Article Text

SAT0503 Relationships between Weight, Physical Activity and Back Pain in Young Adult Women
  1. S.R.E. Brady1,
  2. S.M. Hussain1,
  3. W.J. Brown2,
  4. S. Heritier1,
  5. B. Billah1,
  6. Y. Wang1,
  7. H. Teede1,
  8. D.M. Urquhart1,
  9. F.M. Cicuttini1
  1. 1School of Public Health and Preventive Medicine, Monash University, Melbourne
  2. 2School of Human Movement Studies, University of Queensland, St. Lucia, Australia


Background Back pain is a major global health problem, causing greater disability worldwide than any other condition. It is associated with a significant economic burden and major disability, as therapeutic options have limited efficacy. Given limited treatment options, clarifying predictors of back pain is important in order to optimize preventive strategies. Furthermore, as previous episodes of back pain are predictive of future recurrence, understanding risk factors associated with back pain in early adulthood is particularly important.

Objectives The study aims were to identify whether modifiable risk factors, weight and physical activity, are predictive of back pain in young adult women.

Methods Community dwelling women born between 1973 and 1978 were randomly selected from the Australian national health insurance scheme database to participate in the Australian Longitudinal Study of Women's Health. Women were recruited nationally with intentional oversampling from rural and remote areas. Self-reported data on back pain in the last 12 months, age, weight, physical activity, depression and other socio-demographic factors were collected in 2000, 2003, 2006, 2009 and 2012. In 2000, 9,688 women completed the questionnaire and 83% completed follow up 12 years later.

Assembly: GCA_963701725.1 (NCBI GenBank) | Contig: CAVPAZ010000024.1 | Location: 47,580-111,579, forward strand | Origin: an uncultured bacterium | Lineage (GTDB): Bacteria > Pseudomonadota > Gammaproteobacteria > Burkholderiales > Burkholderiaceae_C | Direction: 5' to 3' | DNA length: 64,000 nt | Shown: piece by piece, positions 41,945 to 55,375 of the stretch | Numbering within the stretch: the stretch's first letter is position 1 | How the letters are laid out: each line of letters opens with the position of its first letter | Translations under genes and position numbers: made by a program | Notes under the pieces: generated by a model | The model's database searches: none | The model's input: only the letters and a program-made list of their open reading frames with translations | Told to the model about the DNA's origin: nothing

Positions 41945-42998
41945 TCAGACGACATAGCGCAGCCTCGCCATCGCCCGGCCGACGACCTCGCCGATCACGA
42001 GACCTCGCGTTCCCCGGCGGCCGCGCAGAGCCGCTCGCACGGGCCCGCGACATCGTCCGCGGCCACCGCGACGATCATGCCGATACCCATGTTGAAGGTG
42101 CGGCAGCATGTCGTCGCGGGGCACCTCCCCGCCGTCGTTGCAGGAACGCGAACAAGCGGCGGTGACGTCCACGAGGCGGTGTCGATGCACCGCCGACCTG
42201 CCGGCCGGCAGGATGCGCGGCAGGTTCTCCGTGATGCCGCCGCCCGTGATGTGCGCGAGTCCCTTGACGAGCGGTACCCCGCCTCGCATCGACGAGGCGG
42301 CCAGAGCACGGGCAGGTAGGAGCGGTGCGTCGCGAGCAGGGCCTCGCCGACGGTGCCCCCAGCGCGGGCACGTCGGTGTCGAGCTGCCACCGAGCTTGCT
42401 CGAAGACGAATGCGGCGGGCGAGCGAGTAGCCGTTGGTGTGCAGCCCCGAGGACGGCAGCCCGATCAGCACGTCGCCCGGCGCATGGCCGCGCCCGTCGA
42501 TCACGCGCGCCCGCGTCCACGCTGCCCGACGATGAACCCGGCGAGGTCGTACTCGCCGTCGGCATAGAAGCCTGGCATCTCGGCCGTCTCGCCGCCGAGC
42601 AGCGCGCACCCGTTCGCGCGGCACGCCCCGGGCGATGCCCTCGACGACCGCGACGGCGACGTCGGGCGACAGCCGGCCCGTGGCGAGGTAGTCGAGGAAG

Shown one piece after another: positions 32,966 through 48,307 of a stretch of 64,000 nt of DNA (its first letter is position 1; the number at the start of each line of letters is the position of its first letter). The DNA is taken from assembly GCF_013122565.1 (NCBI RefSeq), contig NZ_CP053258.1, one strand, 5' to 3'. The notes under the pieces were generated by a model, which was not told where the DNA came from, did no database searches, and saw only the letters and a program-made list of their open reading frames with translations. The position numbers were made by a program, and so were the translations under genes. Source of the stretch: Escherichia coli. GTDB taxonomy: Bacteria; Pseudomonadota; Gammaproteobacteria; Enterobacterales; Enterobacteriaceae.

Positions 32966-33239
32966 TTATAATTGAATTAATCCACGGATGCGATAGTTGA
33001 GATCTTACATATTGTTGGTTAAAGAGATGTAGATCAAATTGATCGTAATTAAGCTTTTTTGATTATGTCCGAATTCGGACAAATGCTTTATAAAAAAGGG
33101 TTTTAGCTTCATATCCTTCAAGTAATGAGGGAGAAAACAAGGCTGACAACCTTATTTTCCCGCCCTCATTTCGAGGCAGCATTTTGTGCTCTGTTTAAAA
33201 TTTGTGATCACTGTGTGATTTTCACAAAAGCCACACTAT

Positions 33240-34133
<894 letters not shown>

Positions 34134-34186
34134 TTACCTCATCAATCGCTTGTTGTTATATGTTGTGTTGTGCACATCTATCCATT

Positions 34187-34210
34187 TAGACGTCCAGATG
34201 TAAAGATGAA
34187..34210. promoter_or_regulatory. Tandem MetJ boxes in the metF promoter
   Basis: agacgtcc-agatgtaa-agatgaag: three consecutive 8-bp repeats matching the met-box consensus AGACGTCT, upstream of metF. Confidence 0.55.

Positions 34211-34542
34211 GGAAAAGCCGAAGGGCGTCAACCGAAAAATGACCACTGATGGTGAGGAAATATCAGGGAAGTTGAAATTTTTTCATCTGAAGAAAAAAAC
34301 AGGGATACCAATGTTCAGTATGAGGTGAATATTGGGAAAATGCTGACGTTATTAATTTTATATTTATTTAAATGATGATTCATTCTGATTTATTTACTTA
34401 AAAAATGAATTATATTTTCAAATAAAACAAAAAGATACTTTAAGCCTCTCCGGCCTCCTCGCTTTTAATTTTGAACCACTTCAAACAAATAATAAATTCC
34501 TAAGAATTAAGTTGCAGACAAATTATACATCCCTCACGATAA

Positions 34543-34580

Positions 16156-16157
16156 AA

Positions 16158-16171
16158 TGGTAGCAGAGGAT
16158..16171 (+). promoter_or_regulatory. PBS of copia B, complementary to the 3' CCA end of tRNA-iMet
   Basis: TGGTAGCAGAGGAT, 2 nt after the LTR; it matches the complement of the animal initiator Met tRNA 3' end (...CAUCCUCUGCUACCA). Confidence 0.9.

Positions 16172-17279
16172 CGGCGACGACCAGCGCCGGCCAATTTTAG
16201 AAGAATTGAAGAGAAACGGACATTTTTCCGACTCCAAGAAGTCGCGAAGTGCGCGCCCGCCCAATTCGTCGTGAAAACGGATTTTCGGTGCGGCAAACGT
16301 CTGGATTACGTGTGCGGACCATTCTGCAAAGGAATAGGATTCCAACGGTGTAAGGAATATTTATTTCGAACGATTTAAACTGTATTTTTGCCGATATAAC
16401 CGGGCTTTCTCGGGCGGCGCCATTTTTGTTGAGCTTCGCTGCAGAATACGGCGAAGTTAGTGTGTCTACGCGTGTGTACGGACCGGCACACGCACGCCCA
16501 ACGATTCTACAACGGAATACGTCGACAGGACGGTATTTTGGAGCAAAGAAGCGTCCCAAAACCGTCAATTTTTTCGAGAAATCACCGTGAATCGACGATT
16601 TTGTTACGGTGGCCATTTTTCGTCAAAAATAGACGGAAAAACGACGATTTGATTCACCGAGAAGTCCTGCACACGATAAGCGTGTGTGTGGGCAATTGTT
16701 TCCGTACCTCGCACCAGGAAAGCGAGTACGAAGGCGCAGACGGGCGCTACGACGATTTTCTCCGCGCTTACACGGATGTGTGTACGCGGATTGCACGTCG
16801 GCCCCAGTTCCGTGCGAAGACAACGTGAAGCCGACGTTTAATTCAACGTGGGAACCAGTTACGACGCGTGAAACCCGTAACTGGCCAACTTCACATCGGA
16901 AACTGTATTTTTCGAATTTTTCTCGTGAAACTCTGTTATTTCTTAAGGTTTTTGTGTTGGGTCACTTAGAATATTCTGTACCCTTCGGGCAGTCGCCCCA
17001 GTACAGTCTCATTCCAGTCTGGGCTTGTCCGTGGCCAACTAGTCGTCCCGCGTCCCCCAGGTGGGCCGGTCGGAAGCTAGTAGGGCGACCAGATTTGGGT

Results At baseline, median age was 24.6 years and 41% had self-reported back pain. For every 5kg higher weight at baseline, there was a 5% (95% CI 4% - 6%) increased risk of back pain over the next 12 years, after adjusting for age, height, education status, physical activity and depression. Higher weight also predicted back pain risk over each 3 year survey interval (p<0.001). The effects of weight on back pain were most significant in those with body mass index ≥25 kg/m2 and were observed at all levels of physical activity. Inadequate physical activity and depression were independent predictors of back pain over the following 12 years (both p<0.001), after adjusting for above confounders.

Conclusions Back pain is common in community-based young adult women. Higher weight, inadequate levels of physical activity and depression were all independent predictors of back pain over the following decade. Furthermore, the adverse effects of weight on back pain were not mitigated by physical activity. Our findings highlight the role of both higher weight and physical inactivity in back pain among young adult women and suggest potential opportunities for future prevention.

Disclosure of Interest None declared

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